Herbal Research

The lack of human testing results from a number of factors. Herbs are considered dietary supplements rather than drugs by the FDA and, therefore, clinical trials for usefulness and toxicity are not required. Western medicine also has ignored and avoided alternative therapies until recently, and pharmaceutical companies lack interest because patents cannot be issued for naturally occurring products. In addition, Western medical and pharmaceutical research favors the study of isolated chemical compounds, as

Study Design

The study included a baseline period of 10 weeks, a treatment period of 8 weeks, and a follow-up of 12 weeks. The patients were divided into two groups by four-block randomization one acupuncture group with 18 patients and one control group with 16 patients. (In block randomization, the unit of randomization is not the individual, but a large group.) Two Chinese acupuncturists, both senior staff members of the Shanghai University of Traditional Chinese Medicine, gave the treatment. All the patients were also diagnosed according to the principles of traditional Chinese medicine. One of five diagnoses was given to each patient. As outpatients, all received 20 treatments (three treatments per week for 3.5 weeks, 1 week pause, and another series of treatments over 3.5 weeks). Each treatment lasted about 30 minutes. The patients' antiepileptic medication was held stable throughout the study, and both patients and epileptologists were blinded.

Clinical Application

The other major problem is the practical application of honey. There is no consensus regarding the best method of application or the frequency of change. In most studies, it is applied daily or on alternate days directly onto the wound. Others use honey-soaked gauze and or occlusive dressings. Molan has concisely listed the practical considerations when using honey clinically, and Table 1 is based on his published guidelines (44). Medical honey is certainly different from commercial consumption honey in that the latter is heated, which inactivates the enzyme responsible for the production of hydrogen peroxide. Sterilization of therapeutic honey used in Western medicine is achieved via gamma irradiation.


How could a needle stuck into the skin possibly provide pain relief and other medical benefits Many answers to this question have been proposed. As noted, from a traditional Chinese medicine perspective, the insertion of needles is believed to alter the flow of energy in such a way that it produces therapeutic effects. From a Western scientific viewpoint, various possible mechanisms have been explored. One explanation for the pain-relieving effects of acupuncture is that it releases opioids, chemicals produced by the body that decrease pain. Other studies indicate that levels of another chemical, serotonin, are altered by acupuncture. Studies on the brain using magnetic resonance imaging (MRI) indicate that acupuncture may change the activity in specific pain-related brain regions. Acupuncture also may decrease stress or, in some situations, act as a placebo. In the end, it may be found that multiple processes are involved.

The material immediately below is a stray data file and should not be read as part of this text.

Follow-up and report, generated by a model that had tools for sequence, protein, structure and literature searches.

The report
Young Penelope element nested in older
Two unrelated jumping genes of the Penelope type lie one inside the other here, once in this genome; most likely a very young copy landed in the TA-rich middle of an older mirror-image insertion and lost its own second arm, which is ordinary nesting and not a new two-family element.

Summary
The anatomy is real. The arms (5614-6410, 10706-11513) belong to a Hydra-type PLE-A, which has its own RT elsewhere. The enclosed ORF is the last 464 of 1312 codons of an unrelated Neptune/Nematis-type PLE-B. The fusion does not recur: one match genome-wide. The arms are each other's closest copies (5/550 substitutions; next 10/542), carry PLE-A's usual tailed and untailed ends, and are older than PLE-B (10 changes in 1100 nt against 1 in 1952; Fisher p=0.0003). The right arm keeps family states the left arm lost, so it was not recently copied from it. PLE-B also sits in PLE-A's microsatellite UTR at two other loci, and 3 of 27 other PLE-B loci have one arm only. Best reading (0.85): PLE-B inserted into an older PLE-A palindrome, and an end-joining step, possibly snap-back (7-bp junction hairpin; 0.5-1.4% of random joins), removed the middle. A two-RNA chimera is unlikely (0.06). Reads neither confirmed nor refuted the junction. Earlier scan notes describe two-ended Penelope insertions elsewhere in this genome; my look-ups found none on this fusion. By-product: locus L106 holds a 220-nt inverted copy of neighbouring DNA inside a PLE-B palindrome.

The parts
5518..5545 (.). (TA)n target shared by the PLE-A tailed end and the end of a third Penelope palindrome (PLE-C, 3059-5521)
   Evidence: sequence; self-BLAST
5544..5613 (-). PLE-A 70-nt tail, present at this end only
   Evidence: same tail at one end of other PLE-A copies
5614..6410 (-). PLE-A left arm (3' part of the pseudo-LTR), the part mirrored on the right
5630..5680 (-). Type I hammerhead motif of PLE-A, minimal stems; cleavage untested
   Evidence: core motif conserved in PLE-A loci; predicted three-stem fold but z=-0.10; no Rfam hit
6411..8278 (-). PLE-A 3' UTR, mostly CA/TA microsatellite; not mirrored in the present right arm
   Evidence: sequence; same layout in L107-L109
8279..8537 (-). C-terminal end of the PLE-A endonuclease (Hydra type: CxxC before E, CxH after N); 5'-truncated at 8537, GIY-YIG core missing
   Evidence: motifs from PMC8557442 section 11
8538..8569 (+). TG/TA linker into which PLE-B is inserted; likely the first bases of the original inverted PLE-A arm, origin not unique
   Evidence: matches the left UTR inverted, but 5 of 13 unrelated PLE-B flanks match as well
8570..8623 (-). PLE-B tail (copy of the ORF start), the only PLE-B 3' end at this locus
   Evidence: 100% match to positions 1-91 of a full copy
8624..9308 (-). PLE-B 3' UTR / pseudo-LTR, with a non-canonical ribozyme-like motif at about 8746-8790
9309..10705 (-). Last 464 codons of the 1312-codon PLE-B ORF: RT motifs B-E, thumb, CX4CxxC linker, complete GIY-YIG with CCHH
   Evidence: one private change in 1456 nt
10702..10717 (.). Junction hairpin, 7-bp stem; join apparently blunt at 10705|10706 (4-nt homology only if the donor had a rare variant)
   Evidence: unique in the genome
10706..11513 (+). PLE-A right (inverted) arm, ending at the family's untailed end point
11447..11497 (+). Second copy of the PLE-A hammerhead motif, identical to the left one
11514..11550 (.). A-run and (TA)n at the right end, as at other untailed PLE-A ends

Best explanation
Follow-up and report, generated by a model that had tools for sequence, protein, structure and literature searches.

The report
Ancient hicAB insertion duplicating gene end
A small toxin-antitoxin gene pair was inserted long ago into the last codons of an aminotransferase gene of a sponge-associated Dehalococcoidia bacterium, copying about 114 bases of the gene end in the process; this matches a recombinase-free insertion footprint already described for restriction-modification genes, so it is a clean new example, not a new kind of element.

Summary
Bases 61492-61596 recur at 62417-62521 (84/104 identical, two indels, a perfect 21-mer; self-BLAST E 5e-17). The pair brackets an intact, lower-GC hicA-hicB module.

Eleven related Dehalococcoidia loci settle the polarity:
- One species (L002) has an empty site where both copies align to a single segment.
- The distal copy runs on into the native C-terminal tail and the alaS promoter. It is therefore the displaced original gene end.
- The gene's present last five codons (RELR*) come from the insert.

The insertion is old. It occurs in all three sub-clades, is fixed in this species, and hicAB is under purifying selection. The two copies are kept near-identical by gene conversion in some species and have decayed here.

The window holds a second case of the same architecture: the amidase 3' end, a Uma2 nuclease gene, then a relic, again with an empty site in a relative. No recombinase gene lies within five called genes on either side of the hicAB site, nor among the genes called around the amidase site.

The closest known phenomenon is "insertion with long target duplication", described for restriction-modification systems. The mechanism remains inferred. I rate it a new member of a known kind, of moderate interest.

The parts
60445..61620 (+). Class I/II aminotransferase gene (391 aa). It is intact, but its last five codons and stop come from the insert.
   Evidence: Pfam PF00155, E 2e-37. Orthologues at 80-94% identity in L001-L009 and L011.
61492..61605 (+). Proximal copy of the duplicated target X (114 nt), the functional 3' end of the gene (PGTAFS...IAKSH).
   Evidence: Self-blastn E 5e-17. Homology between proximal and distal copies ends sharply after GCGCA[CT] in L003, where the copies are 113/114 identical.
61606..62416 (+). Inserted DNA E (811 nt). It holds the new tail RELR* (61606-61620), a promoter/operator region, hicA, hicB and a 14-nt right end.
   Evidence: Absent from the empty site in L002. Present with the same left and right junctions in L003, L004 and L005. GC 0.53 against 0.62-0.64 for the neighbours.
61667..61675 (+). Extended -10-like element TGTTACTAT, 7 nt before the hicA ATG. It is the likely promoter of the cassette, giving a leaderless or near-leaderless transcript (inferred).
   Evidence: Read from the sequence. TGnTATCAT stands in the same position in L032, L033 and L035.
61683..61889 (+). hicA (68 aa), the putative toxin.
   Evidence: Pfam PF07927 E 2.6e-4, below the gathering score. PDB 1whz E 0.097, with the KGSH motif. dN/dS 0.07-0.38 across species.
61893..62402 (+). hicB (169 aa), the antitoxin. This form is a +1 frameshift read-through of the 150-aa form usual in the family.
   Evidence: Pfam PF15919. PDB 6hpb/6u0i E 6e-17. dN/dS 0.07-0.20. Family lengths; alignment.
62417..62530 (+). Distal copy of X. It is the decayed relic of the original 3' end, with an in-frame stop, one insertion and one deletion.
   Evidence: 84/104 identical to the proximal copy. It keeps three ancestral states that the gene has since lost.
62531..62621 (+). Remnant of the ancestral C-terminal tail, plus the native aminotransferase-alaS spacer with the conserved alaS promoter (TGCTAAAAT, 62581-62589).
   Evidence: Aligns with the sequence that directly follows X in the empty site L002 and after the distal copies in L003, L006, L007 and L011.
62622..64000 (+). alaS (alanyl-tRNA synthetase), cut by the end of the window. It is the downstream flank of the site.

Treatment Method

Ayurveda consists of several components. As in traditional Chinese medicine, pulse and tongue evaluation are important for diagnosis. Diet, exercise, lifestyle changes, and specific supplements are used therapeutically. Yoga, breathing exercises, massage, and meditation, discussed elsewhere in this book, are also components of Ayurveda. One type of Ayurvedic meditation, transcendental meditation (TM), was popularized by Maharishi Mahesh Yogi. Another important aspect of Ayurveda, panchakarma, is used for disease prevention. Panchakarma means five processes and includes massages, sweat baths, vomiting, enemas, and bloodletting (through the use of leeches).


editation is a type of mind-body therapy, a class of therapies that also includes biofeedback, hypnosis, and guided imagery. For thousands of years, meditation has been practiced in some form, especially in the context of religious practice. Also, meditation is one of several components of some complementary and alternative medicine (CAM) therapies, including Ayurveda (which uses transcendental meditation or TM) and traditional Chinese medicine.

Journal Articles

T'ai chi, also known as t'ai chi ch'uan, was developed in China hundreds of years ago and is a component of traditional Chinese medicine. On the surface, t'ai chi appears to be simply slow body movements. In practice, it may provide some of the physical benefits of exercise and the relaxation effects of meditation. T'ai chi has been widely practiced in China for centuries and has recently become popular in the United States.


Mugwort (Artemisia vulgaris) has generated positive results in Western medicine for the correction of breech presentation (12). There is a lack of clinical data supporting mug-wort's safety and efficacy, however, and its use cannot be recommended. Synonyms for mugwort are ai ye, armoise commune, artemesia, carline thistle, felon herb, gemeiner beifuss, hierba de San Juan, sailor's tobacco, St. John's plant, Summitates artemisiae, and wild wormwood. The common trade name is Phyto Surge .

Traditional Chinese Medicine

Traditional Chinese Medicine